10 October 2018
The SAFCA Board is now under the leadership of a new Chair. Carolyn Piper (former deputy Chair), commenced in the position at the SAFCA AGM held on Monday October 8.
10 October 2018
Scott Morrison’s first message to the people of Australia after being anointed Prime Minister was “we’re on your side”. It was a welcome change in message after he had previously used the term “taxed and the taxed-nots” as federal treasurer to describe the social security system.
24 September 2018
As Australia’s levels of household debt relative to disposable income hit historic highs, experts are warning of a perfect financial storm on the horizon for struggling home owners with a surge in repayments set to hit interest-only home loans over the coming 12 months.
Homeowners, particularly in the mining states of WA and Queensland, are already grappling with a number of factors including unemployment, under-employment, stagnant wages growth and weak house prices.
Another looming threat is rising interest rates, with three of the four major banks raising variable home loan rates earlier this year independent of the Reserve Bank of Australia.
19 September 2018
Mr Peter Kell has announced his resignation as Deputy Chair of the Australian Securities and Investments Commission (ASIC), following seven years of service.
Since beginning his tenure in 2011, Mr Kell has been part of ASIC’s leadership team, first as a member and then from 2013 as Deputy Chair. His experience and understanding of corporate regulation has been appreciated by successive governments as well as members of ASIC.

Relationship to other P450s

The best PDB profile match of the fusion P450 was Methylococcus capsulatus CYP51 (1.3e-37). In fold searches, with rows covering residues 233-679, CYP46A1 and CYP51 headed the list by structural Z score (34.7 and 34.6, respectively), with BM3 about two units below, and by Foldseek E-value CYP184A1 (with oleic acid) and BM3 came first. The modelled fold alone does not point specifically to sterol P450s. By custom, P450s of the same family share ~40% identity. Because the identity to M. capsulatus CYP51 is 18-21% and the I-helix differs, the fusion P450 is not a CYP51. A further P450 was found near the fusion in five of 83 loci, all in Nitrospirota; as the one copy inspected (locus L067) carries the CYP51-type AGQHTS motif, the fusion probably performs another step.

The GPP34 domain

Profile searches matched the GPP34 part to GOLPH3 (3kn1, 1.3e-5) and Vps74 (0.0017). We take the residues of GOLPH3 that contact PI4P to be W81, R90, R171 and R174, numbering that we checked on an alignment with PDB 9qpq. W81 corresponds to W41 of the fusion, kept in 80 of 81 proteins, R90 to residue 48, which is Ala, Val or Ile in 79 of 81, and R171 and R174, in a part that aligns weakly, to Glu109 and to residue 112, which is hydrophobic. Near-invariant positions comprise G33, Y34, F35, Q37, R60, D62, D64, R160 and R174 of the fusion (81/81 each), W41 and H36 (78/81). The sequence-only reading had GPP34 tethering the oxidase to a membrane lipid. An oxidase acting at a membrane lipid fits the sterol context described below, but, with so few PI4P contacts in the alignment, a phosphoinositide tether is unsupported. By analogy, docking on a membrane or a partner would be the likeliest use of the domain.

Mr Kell’s time at ASIC followed a stint as Deputy Chair of the Australian Competition and Consumer Commission. He has also been on the Australian Government Financial Literacy Board since its establishment, has made a significant contribution to improving financial literacy and ensured that the transition to the new Chair of ASIC was as smooth as possible, including serving as Acting Chair.
ASIC has six Commissioners, with new Commissioner Danielle Press starting this week. Mr Kell’s resignation will be effective from 6 December. Sean Hughes is due to commence as a Commissioner later this year.
The Coalition Government has undertaken significant reforms to ensure that ASIC has the resources and powers it needs to combat misconduct in the financial services industry and across all corporations for the protection of Australian consumers. This includes:
• injecting a further $70.1 million into ASIC to boost its enforcement capabilities and address other regulatory priorities, in addition to $121.3 million in additional funding in 2016 to bolster ASIC’s investigative and surveillance capabilities;
• the appointment of Daniel Crennan QC as a new Deputy Chair who has a key focus on enforcement action; and
• announcing the strengthening of criminal and civil penalties by increasing terms of imprisonment and fines, increasing the maximum civil penalties that can be imposed by courts and allowing wrongdoers to be stripped of profits illegally obtained, or losses avoided, from contraventions of the law.
These reforms support ASIC’s new Chair James Shipton’s approach to increase ASIC’s strategic direction on proactive enforcement and increase onsite supervisory approaches.
The Coalition Government thanks Mr Kell for his contribution to ASIC and wishes him well in his future endeavours.
13 August 2018
New SACOSS figures show 7.1% of households below poverty line in Adelaide and 14.8% below line in rest of state